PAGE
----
If you consider the all-weather performance, longevity of disk pads, no rim wear, and cleaner upkeep (no rim black dust from pads). Disc brakes are a no-brainer.

My most recent bike, a Jake the Snake Cyclocross bike, has mechanical disks but eventually I will put hydros on it later as an upgrade.

  • Disc brakes are more expensive to maintain, but they need less tweeking too, so IMHO.. it is a wash. When they do fail though... They usually fail engaged or jammed--showstoppers. This makes them unsuitable for some situations.... However, you cannot beat a disc brake in the snow and ice! So, they are ideal for other situations....
    – david1024
    Jan 31, 2016 at 15:42
  • I just talked with a guy from yet another LBS yesterday and he in fact told me that he tries to steer customers away from (mechanical) disc brakes because for 90% of scenarios a good rim brake will be nearly as good at stopping and is serviceable in pretty much any corner of the globe, whereas not all LBSs are capable of dealing with discs. On the other hand, the touring bikes he sells are from Fuji, with no disc brakes: Does he stock them because he doesn't like discs, or does he not like discs because he doesn't stock them? Feb 3, 2016 at 15:01
  • Everyone has opinions. But my 23 years of riding, racing, building bikes, and traveling the globe says different :-D
    – Brady
    Feb 3, 2016 at 20:09

If you are going to service them on the go you'll need to learn how. When you get new set of brakes, tear them apart and put them together a few times. It may take an hour or three, but then you'll know how to fix them.

Which is better is really up to your use case. Both will stop your bike when necessary.

My list of issues to consider:

  • Replacing a disc is easier than replacing a rim.
  • Bent disc is usually easier to fix than loose spoke while on the road.
  • There are 100s of incompatible disc pads while there are only a few different rim pads.

Every mechanical disc brake and rim brake set I know of can be serviced with a typical multitool with torx heads.


I will try and stick to your specific questions. To adjust either type at home is possible, neither is more difficult but have different techniques. On that basis I would say to choose freely, and learn how to maintain the one you own with a good how-to book or online videos etc.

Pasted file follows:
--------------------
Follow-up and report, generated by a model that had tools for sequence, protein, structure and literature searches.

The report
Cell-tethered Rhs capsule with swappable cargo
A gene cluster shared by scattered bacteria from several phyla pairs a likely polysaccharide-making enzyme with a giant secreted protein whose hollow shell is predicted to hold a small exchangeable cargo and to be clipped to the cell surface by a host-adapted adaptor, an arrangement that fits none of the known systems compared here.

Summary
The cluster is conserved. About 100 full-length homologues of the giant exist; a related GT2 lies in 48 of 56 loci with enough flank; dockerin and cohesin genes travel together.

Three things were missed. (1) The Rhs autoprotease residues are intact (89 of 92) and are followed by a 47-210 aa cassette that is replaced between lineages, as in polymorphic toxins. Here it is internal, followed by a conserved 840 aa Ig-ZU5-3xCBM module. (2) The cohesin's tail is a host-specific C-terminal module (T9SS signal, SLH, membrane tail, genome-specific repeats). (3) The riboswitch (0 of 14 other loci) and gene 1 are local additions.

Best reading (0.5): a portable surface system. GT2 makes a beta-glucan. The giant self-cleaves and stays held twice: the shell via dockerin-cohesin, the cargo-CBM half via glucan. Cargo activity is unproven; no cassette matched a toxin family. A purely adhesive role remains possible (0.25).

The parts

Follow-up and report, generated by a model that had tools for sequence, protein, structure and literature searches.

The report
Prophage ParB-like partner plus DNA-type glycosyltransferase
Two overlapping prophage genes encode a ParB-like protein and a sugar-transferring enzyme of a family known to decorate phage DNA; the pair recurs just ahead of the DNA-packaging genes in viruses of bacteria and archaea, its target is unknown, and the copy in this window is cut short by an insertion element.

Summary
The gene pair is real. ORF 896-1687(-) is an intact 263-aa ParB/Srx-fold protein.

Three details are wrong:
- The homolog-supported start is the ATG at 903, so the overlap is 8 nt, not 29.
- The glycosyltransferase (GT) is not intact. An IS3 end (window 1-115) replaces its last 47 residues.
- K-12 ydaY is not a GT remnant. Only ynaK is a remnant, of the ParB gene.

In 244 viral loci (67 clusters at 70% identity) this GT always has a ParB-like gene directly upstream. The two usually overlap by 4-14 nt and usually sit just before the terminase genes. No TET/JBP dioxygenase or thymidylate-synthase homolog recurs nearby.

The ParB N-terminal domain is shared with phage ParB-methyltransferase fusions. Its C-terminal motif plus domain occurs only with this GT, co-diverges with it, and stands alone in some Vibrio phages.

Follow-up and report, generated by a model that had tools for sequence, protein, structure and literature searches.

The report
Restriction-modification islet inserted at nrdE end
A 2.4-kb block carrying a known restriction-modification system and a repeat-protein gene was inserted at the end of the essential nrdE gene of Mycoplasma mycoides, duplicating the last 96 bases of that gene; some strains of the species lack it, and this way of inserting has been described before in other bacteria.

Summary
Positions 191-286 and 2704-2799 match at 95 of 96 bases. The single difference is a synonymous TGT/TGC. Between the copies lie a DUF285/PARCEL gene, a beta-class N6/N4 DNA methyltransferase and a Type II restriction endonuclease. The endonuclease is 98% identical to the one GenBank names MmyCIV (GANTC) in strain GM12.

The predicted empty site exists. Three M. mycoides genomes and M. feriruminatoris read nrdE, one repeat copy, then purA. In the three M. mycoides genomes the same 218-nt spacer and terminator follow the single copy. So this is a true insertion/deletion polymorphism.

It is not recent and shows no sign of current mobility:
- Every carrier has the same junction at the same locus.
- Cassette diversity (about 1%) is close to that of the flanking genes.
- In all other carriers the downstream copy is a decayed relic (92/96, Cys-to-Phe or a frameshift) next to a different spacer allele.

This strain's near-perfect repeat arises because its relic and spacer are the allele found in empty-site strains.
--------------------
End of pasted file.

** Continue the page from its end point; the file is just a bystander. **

Disc brakes do not stop you any faster in the dry, but do potentially help you stop faster in the wet, as the braking surface does not go through puddles and mud.

Personally I think that cable disc brakes are easy to maintain once you know how. You need the disc to be straight and true, then install the caliper so that the pads centre around the disc. You can adjust the 'fixed' pad with a 5mm Allen key and the 'floating' pad with the tension in the cable. The floating pad is the one outboard which is moved by the cable. On mechanical disc brakes, only one pad is moved by the cable. As the pads wear down you can adjust both sides to move the pads closer to the disc once more. Pads might be more expensive but you might judge them worth the expense. If you're concerned about being far from home in need of pads, take spares along with you.

Rim brakes are also possible to maintain at home with the same tools, the pads need to be installed carefully to line up with the rim and not touching the tyres. Also to keep them quiet, they should be toed-in. Then you set the cable tension with an Allen key to make the pad spacing correct each side of the rim. Small screws on each brake arm allow you set the spring-back of each arm individually. Then the brake will spring open again correctly. Fine adjustment of rim pads can be fiddly, but you can learn in the warm and practise.

Now, neither type requires much in the way of specialist tools, except for further maintenance like keeping the rim straight (true) or keeping the disc rotor straight.

So Yes a layperson can maintain either style of mechanical (cable-operated) brakes.